It was a big hunk to swallow, but once down, Ross found it digestible. The training opened up a whole new world to him. Judo and wrestling were easy enough to absorb, and he thoroughly enjoyed the workouts. But the patient hours of archery practice, the strict instruction in the use of a long-bladed bronze dagger were more demanding. The mastering of one new language and then another, the intensive drill in unfamiliar social customs, the memorizing of strict taboos and ethics were difficult. Ross learned to keep records in knots on hide thongs and was inducted into the art of primitive bargaining and trade. He came to understand the worth of a cross-shaped tin ingot compared to a string of amber beads and some well-cured white furs. He now understood why he had been shown a traders' caravan during that first encounter with the purpose behind Operation Retrograde.

During the training days his feeling toward Ashe changed materially. A man could not work so closely with another and continue to resent his attitude; either he blew up entirely, or he learned to adjust. His awe at Ashe's vast amount of practical knowledge, freely offered to serve his own blundering ignorance, created a respect for the man which might have become friendship, had Ashe ever relaxed his own shield of impersonal efficiency. Ross did not try to breach the barrier between them mainly because he was sure that the reason for it was the fact that he was a "volunteer." It gave him an odd new feeling he avoided trying to analyze. He had always had a kind of pride in his record; now he had begun to wish sometimes that it was a record of a different type.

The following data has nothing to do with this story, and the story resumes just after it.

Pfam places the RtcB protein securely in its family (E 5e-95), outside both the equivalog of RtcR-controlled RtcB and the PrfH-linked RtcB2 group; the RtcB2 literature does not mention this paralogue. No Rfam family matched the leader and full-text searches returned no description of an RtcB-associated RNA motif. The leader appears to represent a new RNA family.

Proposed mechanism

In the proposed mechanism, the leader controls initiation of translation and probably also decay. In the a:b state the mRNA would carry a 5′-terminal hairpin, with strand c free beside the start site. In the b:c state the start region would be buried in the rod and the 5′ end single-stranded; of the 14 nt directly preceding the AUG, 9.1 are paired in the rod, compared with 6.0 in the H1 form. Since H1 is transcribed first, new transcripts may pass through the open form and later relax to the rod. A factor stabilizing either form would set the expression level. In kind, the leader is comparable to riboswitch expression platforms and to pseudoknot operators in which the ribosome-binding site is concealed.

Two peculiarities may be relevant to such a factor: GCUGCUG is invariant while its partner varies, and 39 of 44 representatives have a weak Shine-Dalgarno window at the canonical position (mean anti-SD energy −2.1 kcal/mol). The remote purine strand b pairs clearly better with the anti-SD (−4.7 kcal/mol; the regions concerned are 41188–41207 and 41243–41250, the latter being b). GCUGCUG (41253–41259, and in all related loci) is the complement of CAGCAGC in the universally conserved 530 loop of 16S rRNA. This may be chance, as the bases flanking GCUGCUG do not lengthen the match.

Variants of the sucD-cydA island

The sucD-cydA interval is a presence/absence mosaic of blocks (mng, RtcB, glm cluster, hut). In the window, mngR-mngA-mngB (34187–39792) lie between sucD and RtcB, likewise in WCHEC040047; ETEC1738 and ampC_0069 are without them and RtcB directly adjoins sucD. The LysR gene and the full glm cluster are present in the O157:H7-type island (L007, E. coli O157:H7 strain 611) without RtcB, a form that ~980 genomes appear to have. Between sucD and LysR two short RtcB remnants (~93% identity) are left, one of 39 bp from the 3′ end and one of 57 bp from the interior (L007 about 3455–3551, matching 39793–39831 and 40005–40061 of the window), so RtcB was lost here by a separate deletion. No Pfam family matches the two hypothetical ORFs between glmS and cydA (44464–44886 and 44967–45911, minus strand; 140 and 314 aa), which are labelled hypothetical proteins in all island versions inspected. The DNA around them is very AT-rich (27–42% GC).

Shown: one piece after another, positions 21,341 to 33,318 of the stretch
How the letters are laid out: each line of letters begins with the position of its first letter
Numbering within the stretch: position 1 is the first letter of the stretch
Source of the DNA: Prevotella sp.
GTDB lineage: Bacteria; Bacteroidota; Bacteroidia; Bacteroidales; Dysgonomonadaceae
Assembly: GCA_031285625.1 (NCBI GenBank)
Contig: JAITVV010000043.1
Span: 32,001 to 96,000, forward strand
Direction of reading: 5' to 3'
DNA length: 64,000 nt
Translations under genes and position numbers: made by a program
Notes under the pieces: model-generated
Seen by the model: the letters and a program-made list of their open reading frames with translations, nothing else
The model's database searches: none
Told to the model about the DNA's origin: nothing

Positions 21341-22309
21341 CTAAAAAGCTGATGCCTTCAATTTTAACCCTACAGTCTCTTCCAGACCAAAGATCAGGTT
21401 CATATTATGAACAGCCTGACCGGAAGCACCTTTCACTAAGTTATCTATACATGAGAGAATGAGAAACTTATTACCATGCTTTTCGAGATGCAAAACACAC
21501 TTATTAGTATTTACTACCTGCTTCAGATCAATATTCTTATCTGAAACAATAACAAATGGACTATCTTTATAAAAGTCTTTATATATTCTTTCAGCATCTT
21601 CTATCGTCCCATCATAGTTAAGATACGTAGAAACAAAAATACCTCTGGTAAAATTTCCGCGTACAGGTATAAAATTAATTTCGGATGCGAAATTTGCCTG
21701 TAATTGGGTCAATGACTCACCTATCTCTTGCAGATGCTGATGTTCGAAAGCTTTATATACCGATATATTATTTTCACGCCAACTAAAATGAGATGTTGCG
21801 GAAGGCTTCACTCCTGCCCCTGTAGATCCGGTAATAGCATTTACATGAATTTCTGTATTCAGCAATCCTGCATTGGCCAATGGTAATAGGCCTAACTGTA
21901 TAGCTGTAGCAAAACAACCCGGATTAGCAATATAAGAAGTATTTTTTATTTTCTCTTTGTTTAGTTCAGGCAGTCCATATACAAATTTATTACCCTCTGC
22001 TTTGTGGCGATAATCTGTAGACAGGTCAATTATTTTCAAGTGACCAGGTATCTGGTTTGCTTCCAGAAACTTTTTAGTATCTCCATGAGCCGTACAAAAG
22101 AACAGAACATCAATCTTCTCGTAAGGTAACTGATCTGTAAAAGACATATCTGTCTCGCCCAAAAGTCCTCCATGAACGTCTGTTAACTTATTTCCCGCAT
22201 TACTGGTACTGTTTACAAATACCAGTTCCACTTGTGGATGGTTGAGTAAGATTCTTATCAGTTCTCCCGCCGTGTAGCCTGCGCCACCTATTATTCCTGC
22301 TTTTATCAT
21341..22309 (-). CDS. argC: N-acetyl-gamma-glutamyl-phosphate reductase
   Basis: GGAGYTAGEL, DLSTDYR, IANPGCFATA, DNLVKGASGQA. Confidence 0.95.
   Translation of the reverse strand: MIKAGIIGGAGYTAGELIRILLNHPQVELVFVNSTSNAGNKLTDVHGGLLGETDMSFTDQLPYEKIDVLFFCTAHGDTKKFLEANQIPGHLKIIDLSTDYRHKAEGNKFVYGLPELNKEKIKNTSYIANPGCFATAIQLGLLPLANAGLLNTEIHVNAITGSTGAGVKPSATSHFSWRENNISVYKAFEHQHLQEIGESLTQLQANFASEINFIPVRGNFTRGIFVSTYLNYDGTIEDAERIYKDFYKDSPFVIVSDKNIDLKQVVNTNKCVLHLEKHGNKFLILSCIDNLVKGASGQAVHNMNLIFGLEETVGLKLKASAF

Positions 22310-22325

Men came and went. Hodaki and his partner disappeared, as did Jansen and his. One lost track of time within that underground warren which was the base. Ross gradually discovered that the whole establishment covered a large area under an external crust of ice and snow. There were laboratories, a well-appointed hospital, armories which stocked weapons usually seen only in museums, but which here were free of any signs of age, and ready for use. There were libraries with mile upon mile of tape recordings as well as films. Ross could not understand everything he heard and saw, but he soaked up all he could so that once or twice, when drifting off to sleep at night, he thought of himself as a sponge which had nearly reached its total limit of absorption.

He learned to wear naturally the clumsy kilt-tunic he had seen on the wolf slayer, to shave with practiced assurance, using a leaf-shaped bronze razor, to eat strange food until he relished the taste. Making lesson time serve a double duty, he lay under sunlamps while listening to tape recordings, until his skin darkened to a weathered hue resembling Ashe's. There was always talk to listen to, important talk which he was afraid to miss.

"Bronze." Ashe weighed a dagger in his hand one day. Its hilt, made of dark horn studded with an intricate pattern of tiny golden nail heads, had a gleam not unlike that of the blade. "Do you know, Murdock, that bronze can be tougher than steel? If it wasn't that iron is so much more plentiful and easier to work, we might never have come out of the Bronze Age? Iron is cheaper and easier found, and when the first smith learned to work it, an end came to one way of life, a beginning to another.